After years of delay, the Myanmar Tourism Law was enacted by the Parliament in September 2018. By-laws were being drafted late in the year and are expected to take effect 90 days after enactment. The law replaces the 1993 Myanmar Hotel and Tourism Law, which has been the main legal and regulatory document guiding tourism over the past 25 years. The new law was initially drafted in 2015 but faced delays for a number of reasons, including the election and formation of the new government. Legislators received guidance from the UN World Tourism Organisation, and draft versions of the law were disseminated widely for consultation with industry and development partners. While there was no official English translation of the law available at the time of writing, initial analysis of its potential impact and remaining challenges is still possible.
The Myanmar Tourism Law provides for the creation of the Central Committee for the Development of the National Tourism Industry (CCDNTI), whose role it is to coordinate plans for tourism development between ministries, agencies and organisations, and guide the implementation of the Myanmar Tourism Master Plan 2013-20. The committee includes the vice-president, minister of hotels and tourism, and chief ministers of all states and regions, as well as tourism experts and private sector players. “It is apparent the government is listening to the private sector, with clear provisions that the development committees are established as partnerships between the public and private sector,” Daw May Myat Mon Win, chair of the Myanmar Tourism Marketing Association and vice-chairman of the Myanmar Tourism Federation, told OBG.
Under the new law, approval for licences is decentralised to state and regional governments, ensuring a more efficient system. The law creates regional tourism committees that will examine and manage licences, and process building and hotel applications. Previously, states and regions had to seek permission from the central government, which was a lengthy process. By devolving authority, the new law empowers regional governments to promote their own tourism industries. Some in the sector have expressed concern about whether each region has the capacity and experience to assess investment proposals. It is therefore key that they receive support in the initial stages to make decisions mutually beneficial to their regions and investors.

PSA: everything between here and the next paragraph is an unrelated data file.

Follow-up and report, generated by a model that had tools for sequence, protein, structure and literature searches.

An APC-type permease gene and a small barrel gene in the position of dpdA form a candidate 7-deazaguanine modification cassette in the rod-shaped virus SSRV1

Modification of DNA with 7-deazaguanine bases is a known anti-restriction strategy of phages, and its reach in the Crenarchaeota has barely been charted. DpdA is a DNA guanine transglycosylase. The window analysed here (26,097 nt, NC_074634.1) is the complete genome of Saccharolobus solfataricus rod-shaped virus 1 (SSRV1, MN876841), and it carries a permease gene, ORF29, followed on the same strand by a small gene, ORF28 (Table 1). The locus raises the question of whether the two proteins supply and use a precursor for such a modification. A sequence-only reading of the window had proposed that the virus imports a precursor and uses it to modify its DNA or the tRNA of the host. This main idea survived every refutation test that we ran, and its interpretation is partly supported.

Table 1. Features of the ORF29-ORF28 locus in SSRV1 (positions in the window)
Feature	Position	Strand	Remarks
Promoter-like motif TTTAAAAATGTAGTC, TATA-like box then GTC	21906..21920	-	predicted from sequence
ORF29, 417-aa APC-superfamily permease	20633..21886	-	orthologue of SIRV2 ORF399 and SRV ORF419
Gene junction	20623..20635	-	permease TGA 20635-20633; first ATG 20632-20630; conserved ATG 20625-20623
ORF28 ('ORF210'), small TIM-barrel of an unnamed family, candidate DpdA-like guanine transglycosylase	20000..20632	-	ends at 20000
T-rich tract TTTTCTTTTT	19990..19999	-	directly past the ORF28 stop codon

A key component of the new law is to ensure that tourism conforms to international practices. While the 1993 law issued four kinds of licences for hotels, tour operators, tour guides and tourist transport vehicles, the new bill adds a fifth open licence for “other tourism-related services”, which could allow for the recognition and regulation of alternative accommodation, such as homestays or bed and breakfasts. This addresses the demand for diverse options from tourists in an era when digital applications can match travellers directly with people renting out their homes or private accommodation. “The impending law addresses most of investors’ major concerns, including doubts regarding the status of homestays,” U Win Aung, chairman of tourism group Amata Holding, told OBG.
However, others have raised concerns that it does not go far enough to tackle some issues, especially regarding the rights of local communities and the importance of ecotourism. The new law makes progress by protecting both tourism operators and tourists, who are given accurate information about products and services, assurances on hygiene and quality, and the ability to report grievances. At the same time, it does not mention the rights of local communities and indigenous peoples, and further assurance is needed that valuable local heritage will be protected.
Ecotourism is mentioned as important for sustainable development, but no clear definition for what is considered ecotourism or sustainable tourism is included. It is also unclear how far tourism activities should align with environmental conservation, or how other environmental laws will be integrated with tourism regulations.
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